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Larval fish in troubled waters — is the behavioural response of larval fish to hydrodynamic impacts active or passive?

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Abstract:

In a mesocosm experiment, we tested whether larval fish show an active behavioural response to hydrodynamic impacts. Exposing 1- to 3-week-old allis shad (Alosa alosa) larvae to a pulsed wave regime, we found that already 1-week-old larvae immediately adapt their microhabitat use and activity patterns at the onset of the wave pulses. The fish larvae instantaneously increased their activity level and moved downwards, concentrating in the calmer lower third of the water column. Within 4 min after the end of the wave pulse, the fish returned to their former distribution. Two- and 3-week-old fish larvae foraged close to the bottom substratum during calm periods but avoided this zone during the wave pulses. Thus, larval fish show an active response to hydrodynamic impacts. With the ability to adjust microhabitat use and activity level, already fish larvae are able to trade costs and benefits associated with spatio-temporal hydrodynamic heterogeneity. In particular, fish larvae should be able to minimize some of the harmful effects of navigation-induced waves where calmer evasion habitats are available.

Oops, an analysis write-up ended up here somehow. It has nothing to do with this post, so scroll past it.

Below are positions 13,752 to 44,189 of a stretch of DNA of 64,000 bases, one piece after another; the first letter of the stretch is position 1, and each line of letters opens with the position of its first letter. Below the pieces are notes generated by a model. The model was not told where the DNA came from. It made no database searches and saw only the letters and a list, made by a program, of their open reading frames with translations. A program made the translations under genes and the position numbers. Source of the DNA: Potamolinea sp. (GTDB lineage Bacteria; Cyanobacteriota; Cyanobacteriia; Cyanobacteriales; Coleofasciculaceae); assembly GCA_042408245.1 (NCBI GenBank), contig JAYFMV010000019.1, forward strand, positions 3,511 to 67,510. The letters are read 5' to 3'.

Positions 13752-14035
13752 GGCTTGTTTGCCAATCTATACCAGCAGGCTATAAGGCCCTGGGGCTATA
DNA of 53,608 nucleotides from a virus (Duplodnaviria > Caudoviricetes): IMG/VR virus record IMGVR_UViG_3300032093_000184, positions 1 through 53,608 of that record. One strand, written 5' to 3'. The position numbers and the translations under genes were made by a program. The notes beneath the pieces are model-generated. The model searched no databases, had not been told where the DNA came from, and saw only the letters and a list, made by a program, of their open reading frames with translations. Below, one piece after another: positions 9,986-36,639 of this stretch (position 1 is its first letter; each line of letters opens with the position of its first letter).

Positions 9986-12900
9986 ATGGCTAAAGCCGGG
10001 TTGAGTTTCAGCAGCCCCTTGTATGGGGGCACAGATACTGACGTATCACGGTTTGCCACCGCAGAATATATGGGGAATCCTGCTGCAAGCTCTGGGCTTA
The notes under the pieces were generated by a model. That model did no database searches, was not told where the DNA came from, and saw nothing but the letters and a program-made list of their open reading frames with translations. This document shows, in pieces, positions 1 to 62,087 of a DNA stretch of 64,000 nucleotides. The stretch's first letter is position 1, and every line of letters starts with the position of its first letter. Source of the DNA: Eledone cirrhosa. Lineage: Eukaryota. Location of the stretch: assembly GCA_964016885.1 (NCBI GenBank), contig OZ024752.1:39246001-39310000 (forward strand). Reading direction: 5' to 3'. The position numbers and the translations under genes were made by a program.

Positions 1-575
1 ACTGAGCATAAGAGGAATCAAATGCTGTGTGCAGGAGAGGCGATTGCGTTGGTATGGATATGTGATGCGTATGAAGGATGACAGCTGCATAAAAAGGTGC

Document Type: Research Article

DOI: http://dx.doi.org/10.1139/f2012-086

Affiliations: Stiftung Wasserlauf, Geschäftsstelle EU Life Projekt Maifisch, Aquazoo Löbbecke Museum, Kaiserswerther Straße 380, 40200 Düsseldorf, Germany.

Publication date: October 21, 2012

More about this publication?
  • Published continuously since 1901 (under various titles), this monthly journal is the primary publishing vehicle for the multidisciplinary field of aquatic sciences. It publishes perspectives (syntheses, critiques, and re-evaluations), discussions (comments and replies), articles, and rapid communications, relating to current research on cells, organisms, populations, ecosystems, or processes that affect aquatic systems. The journal seeks to amplify, modify, question, or redirect accumulated knowledge in the field of fisheries and aquatic science. Occasional supplements are dedicated to single topics or to proceedings of international symposia.
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